- Because the redirection is done at the server level, you only need one URL per page.
- Dynamic serving also works well for feature phones. As defined by PCMag.com, a feature phone is a “cellphone that contains a fixed set of functions beyond voice calling and text messaging, but is not as extensive as a smartphone.” For example, feature phones typically can’t download apps, but usually have some web browsing capability. Per Google, the biggest difference is that feature phones can’t process CSS, so they can’t handle responsive design very well. So it’s important to know your audience and what type of mobile devices they’re using.
- If you want to have a separate set of keywords specifically for your mobile users, then this option will let you do that since mobile users and desktop users each see distinct HTML. (Search Engine Land has a great article that discusses mobile-specific keywords.)
- Dynamic redirecting doubles your site maintenance work because it sets up a separate site for mobile, with a separate set of indexed HTML requiring a separate SEO project.
- The necessary list of user-agent strings also requires constant maintenance, since new strings have to be added whenever a new mobile device is released.
- Lastly, keep in mind that you’ll need to use a “Vary HTTP-User Agents” header if your site serves content dynamically. The header helps content get served properly and helps engines cache it properly. Google has details on how to add this header.
Option 3: A Mobile Site
This option, as the name implies, involves creating a separate domain specifically for mobile users. The most common examples are m.domain.com or mobile.domain.com. It’s a popular option for large retailers; Bridget Randolph points out that “73% of websites ranked in the Quantcast Top 100,000 sites used URL redirects to a mobile specific URL.” Like dynamic serving, this technique involves developing content specifically for visitors using a mobile device; however, a separate mobile site’s URLs are distinct, so there is no server-level redirection.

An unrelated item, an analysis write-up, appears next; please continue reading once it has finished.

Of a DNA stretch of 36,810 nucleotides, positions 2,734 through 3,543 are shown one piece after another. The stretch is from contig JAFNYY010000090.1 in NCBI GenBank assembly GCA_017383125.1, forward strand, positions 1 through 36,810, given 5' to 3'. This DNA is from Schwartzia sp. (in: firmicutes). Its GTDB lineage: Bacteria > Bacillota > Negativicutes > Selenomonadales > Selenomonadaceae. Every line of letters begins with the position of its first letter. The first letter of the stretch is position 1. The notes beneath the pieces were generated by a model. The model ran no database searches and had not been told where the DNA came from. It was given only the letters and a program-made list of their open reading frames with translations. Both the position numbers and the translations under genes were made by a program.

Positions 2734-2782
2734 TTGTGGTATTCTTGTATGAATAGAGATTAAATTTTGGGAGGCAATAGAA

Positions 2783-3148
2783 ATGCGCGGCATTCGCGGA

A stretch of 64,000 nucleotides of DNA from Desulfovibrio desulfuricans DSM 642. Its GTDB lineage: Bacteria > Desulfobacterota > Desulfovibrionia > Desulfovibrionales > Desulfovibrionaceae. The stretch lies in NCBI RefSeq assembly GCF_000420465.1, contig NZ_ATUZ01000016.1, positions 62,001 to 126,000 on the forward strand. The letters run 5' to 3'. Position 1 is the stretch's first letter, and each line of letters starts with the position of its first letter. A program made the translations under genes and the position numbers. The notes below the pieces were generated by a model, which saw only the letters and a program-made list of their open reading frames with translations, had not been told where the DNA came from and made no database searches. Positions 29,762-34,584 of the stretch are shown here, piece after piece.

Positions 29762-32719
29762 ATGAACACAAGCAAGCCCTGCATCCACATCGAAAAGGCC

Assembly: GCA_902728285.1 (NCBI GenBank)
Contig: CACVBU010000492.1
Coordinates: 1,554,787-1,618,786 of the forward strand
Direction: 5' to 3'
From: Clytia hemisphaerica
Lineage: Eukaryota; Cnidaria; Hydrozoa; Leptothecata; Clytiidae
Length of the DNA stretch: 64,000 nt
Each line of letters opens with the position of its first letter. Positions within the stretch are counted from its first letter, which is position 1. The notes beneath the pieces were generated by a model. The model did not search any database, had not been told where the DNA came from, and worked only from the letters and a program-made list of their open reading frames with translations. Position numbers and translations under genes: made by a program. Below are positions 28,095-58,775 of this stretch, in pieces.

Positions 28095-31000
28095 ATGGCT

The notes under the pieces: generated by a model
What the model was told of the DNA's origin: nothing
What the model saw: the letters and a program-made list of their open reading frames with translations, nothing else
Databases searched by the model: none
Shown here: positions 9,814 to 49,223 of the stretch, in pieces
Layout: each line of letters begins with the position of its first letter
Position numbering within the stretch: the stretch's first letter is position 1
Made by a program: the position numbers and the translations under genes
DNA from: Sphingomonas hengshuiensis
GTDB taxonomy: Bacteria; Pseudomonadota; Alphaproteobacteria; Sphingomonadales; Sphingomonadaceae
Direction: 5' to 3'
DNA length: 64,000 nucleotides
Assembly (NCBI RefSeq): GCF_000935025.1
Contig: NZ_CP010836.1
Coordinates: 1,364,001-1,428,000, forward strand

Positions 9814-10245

- For larger sites with page counts in the hundreds of thousands or millions, implementing responsive design may simply be too much work. A mobile site allows you to tailor your user’s experience, and slowly build up a unique mobile experience.
- Like dynamic serving, a mobile site is better for feature phones than responsive design. Depending on your site’s demographic, this may not be a criterion; but for some businesses, it’s an important consideration.
- Your mobile site won’t benefit from any positive backlink profile that your desktop site has built up (unless you implement bidirectional redirects). So if you’re looking to get your mobile users to find you in organic search, this may be a real setback.
- Your mobile site will require some extra SEO work. You’ll have to submit a separate XML Sitemap to Google and Bing Webmaster Tools. Plus, smaller screens mean smaller SERPs, so you may need to edit your Meta tags. Mobile-specific Meta tags should be shorter than those for a desktop site.
Here is an example of a mobile site done right. As mentioned above, NYTimes.com has a full site for desktop visitors:
And mobile.nytimes.com for mobile visitors:
As you can see, the content has been dramatically reformatted and reduced to make it readable on a mobile device.
In sifting through all of this information to make the right choice for your site, don’t forget to ask yourself how many of your visitors are using mobile devices to access the site. Check your analytics. If the total percentage of mobile traffic is under five percent, then you can probably wait to implement mobile design. For now. If the predictions are correct, then mobile usage will only continue to claim more and more Internet traffic.